Third Accessible Technology Symposium raised awareness

Panel during the symposiumBy Randy Hollowell, IT services

There is a saying “Third time's a charm.” It usually means the first two tries weren’t very good. But in the case of this year’s third annual Access for All: Accessible Technology Symposium, it took the success of the first two events to a whole new level.

More than 100 Miamians took part in the full-day event held Friday, Oct. 21, in Shriver Center. One of the objectives was to get faculty, staff and students interested in learning more about accessibility and Miami. It also provided ways for attendees to learn how to remove barriers to learning for individuals with disabilities.

According to Kara Zirkle, an accessible technology specialist within IT services who helped plan the event, that is precisely what it did.

“It raised awareness in areas people weren't necessarily thinking about.  I had people approach me that day, and even since in the halls, asking questions based upon procurement and web accessibility.  So with a mindset of piquing interest and seeking help - it was a great success.”

According to a post event survey, the majority of the attendees were Miami staff, but the attendance list also included plenty of faculty members and a few students.

The highlight of this year’s symposium was a keynote address from Cheryl Pruitt, director of the Accessible Technology Initiative for the California State University System. Her message resonated with many of those who took part in the day’s activities.

“We are not alone in struggling with making true accessibility a reality. Others have, and are continuing to go through the same things we are,” was just one of her quotes attendees pointed out in the surveys they returned.

Following the keynote was a panel discussion that included two Miami students who are currently helped by accessible technology through student disability services. Their stories brought into focus a better understanding of what some students go through.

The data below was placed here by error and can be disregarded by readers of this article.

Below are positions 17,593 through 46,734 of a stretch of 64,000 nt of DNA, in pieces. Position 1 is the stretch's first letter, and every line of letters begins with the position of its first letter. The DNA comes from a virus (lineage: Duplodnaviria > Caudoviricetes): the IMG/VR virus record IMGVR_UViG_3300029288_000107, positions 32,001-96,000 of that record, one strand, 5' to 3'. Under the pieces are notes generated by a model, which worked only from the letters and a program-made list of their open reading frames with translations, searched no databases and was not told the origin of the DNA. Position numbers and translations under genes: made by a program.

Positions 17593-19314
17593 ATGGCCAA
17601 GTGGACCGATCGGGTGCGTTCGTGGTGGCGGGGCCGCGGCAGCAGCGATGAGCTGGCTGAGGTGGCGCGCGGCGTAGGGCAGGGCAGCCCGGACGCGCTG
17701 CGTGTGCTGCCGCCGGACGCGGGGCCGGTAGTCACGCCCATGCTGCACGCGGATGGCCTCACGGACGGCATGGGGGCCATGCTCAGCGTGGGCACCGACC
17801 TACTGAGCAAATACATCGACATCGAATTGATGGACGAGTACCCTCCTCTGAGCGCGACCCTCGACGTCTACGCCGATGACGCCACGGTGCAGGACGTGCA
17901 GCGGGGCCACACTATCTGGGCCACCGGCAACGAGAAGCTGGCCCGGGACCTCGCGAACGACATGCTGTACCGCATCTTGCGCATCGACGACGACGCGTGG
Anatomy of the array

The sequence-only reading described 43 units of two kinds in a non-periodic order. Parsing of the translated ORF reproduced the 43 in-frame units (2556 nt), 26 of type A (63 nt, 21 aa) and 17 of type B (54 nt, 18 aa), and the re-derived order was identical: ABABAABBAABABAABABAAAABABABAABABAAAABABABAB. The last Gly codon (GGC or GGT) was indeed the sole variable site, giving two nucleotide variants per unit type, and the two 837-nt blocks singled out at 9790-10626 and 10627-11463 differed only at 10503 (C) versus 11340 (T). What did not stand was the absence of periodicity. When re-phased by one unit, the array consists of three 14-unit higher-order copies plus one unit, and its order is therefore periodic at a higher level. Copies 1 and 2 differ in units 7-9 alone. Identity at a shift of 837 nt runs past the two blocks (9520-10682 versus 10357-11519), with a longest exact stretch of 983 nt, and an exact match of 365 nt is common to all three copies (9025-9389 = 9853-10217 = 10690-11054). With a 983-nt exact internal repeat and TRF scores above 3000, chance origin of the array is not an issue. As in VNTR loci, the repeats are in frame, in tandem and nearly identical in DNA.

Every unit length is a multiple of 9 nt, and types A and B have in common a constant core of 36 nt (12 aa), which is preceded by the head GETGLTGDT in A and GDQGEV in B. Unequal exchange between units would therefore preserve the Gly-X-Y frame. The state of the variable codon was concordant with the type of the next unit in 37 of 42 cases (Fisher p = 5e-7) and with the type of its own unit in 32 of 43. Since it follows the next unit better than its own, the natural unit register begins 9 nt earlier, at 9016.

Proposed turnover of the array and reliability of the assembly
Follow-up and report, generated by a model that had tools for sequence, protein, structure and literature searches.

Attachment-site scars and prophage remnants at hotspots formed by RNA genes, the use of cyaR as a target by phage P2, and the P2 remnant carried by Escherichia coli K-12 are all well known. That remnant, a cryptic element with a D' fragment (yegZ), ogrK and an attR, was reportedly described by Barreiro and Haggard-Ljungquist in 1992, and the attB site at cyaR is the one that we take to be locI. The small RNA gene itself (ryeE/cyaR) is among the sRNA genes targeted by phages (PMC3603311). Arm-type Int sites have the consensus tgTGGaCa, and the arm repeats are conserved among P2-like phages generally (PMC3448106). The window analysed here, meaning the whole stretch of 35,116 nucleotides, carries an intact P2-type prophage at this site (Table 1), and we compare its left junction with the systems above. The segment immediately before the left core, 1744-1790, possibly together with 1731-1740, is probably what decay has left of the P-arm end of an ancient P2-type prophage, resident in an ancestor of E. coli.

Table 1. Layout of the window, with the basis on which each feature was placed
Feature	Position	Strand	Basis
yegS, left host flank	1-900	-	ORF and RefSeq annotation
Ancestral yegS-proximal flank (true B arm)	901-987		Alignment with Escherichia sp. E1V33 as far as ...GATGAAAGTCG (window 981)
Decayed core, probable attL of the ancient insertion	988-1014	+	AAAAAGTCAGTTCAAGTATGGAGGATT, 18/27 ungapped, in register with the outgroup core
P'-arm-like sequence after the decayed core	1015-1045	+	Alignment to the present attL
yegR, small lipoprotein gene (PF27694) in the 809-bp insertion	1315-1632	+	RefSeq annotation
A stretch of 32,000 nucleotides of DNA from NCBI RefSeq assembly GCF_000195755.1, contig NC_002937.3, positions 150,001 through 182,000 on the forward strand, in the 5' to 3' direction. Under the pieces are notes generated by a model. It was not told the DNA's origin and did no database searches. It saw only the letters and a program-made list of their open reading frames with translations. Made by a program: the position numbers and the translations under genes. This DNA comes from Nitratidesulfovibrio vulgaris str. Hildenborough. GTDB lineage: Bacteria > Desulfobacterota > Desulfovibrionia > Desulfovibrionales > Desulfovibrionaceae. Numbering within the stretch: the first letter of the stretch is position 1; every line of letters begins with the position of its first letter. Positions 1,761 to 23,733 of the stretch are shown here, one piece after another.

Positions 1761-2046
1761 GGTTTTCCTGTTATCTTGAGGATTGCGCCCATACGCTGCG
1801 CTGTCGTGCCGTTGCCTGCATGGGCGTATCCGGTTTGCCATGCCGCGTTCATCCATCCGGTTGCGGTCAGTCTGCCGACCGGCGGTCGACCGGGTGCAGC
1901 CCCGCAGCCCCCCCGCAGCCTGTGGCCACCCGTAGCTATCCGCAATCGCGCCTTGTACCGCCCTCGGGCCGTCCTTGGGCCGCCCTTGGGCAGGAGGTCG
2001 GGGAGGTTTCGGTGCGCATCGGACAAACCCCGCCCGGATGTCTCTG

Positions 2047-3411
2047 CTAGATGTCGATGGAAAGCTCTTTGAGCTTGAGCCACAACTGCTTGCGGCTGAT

“I got a better understanding of what some students are dealing with in the classroom on a daily basis,” said one attendee. Another added, “This provided new perspectives on the types of disabilities and accommodations experienced by students.”

There were also representatives from eLearning Miami and student disability services who provided presentations for the event. Visit the AccessMU site for a complete list of presenters. Afternoon breakout sessions included the following topics:

  • Evaluating Course Accessibility in Canvas Using UDOIT.
  • Procurement. * Read&Write Overview: How Students Benefit.
  • Accessibility 101 Forum.
  • Accessibility in the Classroom.
  • Captioning 101: What You Need to Know.
  • Web Accessibility.
  • Students Accessing Miami (SAM).

Overall, attendees seemed impressed by the information that was shared at the symposium, and the direction Miami is taking with regards to accessible technology.

“I learned that Miami has created a really strong accessibility team and partnerships and seems to be working efficiently and thoughtfully towards making higher ed accessible to all,” noted one participant.

“Miami has the makings of a good foundation for services that are needed at Miami to assist all of us, not just the disabled. It was also very apparent that IT hired qualified people in the accessibility area,” said another.

For more information about accessibility at Miami, please visit: